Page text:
Notes from the Field - November 2021

Insects of Bald Head Island
Written by: Emily Prins, Marketing & Development Intern Summer 2021

There is a wide variety of incredible wildlife on Bald Head Island, but some of the smallest and most important creatures are often overlooked. Insects, while not the cuddliest of creatures, are an important food source for many other animals in the ecosystem such as fish and birds. Some insects serve as pollinators that fertilize the plant life on the island, while others are decomposers that continue the cycle of life, making available nutrients for plants.

Insects are a group of invertebrates, or animals that don’t have a backbone. Their primary characteristics include having six legs and a body with three segments: the head, thorax, and abdomen. In addition to this, most adult insects have wings and two antennae. Scientists estimate that there are many species of insect that haven’t yet been discovered, but about 1 million have been described and identified globally.
Carolina Mantis
Bald Head Island has a variety of ecosystems such as the dunes, salt marsh, and maritime forest. Each of these areas provides a unique habitat to a diverse range of insects, and those insects are essential to supporting those ecosystems and the barrier island as a whole. Allison Polinski, Conservation Intern Summer 2021, decided to tackle an ambitious project: to find, photograph, and identify a wide range of insects on Bald Head Island to create an informational resource about these key species.

To collect this data, Allison (and 16 Conservancy interns and staff members) went to a total of 26 various locations on Bald Head and searched for insects with close observation and sweep netting. Locations ranged from residential areas to the maritime forest. She then uploaded her photos to iNaturalist, a citizen science application. This allowed her to map and share all of the observations.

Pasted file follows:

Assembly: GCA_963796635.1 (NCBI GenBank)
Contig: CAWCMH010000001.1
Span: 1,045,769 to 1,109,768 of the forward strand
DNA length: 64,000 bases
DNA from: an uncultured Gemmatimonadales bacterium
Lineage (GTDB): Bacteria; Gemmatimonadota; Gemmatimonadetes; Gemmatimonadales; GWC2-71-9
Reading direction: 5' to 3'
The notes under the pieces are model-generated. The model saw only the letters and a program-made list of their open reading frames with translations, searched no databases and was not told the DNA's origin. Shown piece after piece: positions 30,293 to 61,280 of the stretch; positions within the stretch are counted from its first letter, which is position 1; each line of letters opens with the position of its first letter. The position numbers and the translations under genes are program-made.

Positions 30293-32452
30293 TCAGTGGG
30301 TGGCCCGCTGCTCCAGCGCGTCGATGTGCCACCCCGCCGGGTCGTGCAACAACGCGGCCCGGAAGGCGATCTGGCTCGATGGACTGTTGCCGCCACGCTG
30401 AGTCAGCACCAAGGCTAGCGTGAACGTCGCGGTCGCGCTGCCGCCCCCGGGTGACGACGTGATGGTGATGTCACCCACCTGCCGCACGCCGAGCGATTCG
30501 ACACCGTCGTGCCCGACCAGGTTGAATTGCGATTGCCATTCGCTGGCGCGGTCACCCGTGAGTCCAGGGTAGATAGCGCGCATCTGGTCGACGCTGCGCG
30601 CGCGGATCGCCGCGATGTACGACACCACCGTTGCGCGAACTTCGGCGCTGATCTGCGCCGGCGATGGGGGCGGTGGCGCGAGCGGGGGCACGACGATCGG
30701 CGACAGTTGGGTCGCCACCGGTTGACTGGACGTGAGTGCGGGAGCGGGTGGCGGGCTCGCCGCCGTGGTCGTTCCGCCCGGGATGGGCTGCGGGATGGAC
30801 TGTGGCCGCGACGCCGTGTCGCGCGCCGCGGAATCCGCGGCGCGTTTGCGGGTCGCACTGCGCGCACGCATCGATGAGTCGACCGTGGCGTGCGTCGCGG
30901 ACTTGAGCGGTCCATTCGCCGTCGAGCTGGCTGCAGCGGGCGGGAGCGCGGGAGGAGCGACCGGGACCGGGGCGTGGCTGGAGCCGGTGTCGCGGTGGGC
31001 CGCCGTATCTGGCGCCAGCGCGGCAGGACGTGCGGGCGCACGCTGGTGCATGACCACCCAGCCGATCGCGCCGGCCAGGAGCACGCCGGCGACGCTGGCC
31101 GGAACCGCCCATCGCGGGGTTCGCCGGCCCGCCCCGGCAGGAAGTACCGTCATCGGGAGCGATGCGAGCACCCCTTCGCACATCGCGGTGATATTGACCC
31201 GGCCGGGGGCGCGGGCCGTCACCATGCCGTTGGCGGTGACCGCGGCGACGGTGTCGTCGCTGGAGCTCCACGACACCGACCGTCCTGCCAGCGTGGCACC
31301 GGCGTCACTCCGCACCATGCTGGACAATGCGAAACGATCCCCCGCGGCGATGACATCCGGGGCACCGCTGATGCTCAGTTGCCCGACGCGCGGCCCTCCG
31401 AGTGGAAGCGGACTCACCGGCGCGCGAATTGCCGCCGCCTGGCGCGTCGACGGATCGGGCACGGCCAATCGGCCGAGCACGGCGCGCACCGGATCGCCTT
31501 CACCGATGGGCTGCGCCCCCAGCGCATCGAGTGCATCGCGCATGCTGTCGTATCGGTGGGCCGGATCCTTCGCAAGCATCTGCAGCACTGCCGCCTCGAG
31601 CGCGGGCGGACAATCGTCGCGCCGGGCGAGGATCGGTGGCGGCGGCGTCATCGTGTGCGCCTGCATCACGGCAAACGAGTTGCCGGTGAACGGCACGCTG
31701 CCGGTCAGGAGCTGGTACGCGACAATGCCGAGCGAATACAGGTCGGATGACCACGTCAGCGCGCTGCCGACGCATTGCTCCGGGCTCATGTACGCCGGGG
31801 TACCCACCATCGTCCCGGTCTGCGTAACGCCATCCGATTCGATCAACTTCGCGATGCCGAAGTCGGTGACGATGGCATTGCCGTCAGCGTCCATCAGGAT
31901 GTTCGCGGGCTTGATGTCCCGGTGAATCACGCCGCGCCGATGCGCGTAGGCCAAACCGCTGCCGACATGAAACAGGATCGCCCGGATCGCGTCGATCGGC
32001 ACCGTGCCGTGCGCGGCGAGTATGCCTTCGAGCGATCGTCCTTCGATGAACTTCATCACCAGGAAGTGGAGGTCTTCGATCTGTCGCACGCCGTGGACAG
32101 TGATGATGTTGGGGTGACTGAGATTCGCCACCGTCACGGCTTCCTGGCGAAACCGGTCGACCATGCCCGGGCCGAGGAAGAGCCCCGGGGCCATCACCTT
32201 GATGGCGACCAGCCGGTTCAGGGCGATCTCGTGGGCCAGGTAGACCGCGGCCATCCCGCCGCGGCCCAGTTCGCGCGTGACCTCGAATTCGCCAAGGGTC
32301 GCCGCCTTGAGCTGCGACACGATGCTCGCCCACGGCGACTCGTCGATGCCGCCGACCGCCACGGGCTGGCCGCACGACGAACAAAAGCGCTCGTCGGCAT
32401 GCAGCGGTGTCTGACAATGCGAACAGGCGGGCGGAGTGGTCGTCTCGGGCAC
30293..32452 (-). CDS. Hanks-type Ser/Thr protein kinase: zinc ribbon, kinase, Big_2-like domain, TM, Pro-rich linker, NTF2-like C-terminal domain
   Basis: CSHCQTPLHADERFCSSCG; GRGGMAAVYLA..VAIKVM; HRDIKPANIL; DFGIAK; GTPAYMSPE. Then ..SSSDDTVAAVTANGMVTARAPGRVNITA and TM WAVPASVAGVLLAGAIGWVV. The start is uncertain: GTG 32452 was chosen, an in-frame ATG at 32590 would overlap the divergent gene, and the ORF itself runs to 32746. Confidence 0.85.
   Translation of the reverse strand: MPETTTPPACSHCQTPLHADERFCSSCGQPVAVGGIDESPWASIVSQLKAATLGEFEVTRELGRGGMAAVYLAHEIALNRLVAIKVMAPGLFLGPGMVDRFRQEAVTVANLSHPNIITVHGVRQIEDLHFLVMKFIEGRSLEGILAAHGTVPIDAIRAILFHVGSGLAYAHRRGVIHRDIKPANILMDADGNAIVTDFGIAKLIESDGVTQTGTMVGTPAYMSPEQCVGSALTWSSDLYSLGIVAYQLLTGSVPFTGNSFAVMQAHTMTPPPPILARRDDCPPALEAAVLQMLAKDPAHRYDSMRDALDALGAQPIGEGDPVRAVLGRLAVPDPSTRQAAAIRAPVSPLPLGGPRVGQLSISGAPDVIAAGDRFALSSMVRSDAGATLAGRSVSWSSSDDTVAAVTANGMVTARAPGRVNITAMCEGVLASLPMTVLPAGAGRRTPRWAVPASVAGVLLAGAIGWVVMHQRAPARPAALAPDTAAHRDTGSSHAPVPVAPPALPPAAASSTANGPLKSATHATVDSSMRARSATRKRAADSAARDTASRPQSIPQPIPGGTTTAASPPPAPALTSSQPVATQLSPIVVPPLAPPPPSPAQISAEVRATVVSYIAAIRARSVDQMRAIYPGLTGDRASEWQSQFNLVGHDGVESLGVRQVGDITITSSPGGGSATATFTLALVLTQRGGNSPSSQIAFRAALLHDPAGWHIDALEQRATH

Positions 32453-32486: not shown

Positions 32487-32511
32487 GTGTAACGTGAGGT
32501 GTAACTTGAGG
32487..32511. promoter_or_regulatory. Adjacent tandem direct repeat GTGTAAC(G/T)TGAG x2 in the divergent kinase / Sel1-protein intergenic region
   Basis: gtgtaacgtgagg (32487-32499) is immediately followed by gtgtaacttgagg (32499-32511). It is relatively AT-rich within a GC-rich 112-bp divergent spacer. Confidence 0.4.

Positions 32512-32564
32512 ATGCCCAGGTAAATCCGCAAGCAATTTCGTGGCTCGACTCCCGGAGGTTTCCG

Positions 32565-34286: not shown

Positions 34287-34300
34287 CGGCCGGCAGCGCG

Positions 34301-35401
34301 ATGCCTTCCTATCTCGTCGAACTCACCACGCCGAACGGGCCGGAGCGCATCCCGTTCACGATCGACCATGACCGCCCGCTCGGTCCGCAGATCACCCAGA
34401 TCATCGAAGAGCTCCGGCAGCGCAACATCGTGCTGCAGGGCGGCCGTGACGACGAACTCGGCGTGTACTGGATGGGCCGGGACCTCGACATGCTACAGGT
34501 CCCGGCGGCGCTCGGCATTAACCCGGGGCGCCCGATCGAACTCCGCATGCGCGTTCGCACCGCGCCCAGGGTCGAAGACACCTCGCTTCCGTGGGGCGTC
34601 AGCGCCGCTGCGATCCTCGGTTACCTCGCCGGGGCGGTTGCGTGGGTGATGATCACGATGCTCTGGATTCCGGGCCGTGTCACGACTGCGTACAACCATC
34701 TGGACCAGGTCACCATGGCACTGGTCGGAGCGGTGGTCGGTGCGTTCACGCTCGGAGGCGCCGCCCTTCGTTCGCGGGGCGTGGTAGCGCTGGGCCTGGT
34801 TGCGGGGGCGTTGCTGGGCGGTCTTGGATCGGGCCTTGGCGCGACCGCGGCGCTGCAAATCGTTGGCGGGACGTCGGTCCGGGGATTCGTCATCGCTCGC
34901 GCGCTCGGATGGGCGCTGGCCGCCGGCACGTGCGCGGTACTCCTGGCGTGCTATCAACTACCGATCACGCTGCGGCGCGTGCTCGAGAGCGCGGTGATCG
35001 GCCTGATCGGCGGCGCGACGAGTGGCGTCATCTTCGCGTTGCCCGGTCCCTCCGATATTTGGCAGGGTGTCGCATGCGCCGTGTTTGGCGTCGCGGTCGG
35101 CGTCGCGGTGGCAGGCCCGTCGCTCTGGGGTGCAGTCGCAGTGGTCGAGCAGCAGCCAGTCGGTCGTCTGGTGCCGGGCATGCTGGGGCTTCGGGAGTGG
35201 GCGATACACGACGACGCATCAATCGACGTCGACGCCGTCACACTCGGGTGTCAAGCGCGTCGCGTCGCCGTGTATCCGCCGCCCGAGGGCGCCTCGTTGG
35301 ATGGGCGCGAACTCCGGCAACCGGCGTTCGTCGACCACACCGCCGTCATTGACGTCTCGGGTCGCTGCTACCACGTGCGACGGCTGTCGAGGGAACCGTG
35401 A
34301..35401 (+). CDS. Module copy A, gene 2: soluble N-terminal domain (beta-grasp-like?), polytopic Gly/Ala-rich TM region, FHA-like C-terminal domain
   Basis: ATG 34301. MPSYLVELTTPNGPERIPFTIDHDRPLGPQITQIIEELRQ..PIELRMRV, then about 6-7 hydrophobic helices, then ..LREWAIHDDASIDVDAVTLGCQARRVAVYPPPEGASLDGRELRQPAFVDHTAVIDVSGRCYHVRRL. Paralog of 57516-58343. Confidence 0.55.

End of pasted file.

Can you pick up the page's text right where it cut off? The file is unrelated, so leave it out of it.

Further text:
Milkweed Assassin Bug
During the project, Allison catalogued 276 total observations of 124 different species of insect. The orders of insects that had the most distinct species included Hymenoptera (ants, bees, and wasps), Lepidoptera (butterflies & moths), Orthoptera (crickets, grasshoppers, & katydids), and Coleoptera (beetles).

However, all of the species catalogued during these few weeks of summer likely pale in comparison to the overall insect diversity of Bald Head Island. If you are interested in insect diversity or citizen science, you can download the iNaturalist app and upload your insect photos and observations. This can provide important data on where and when certain species are found, and can be used in a variety of projects. You can also protect plants that are native to the island, since they are important to attract pollinator species like butterflies, bees, moths, and wasps. In the end, insects are a vital part of the Bald Head Island ecosystem.
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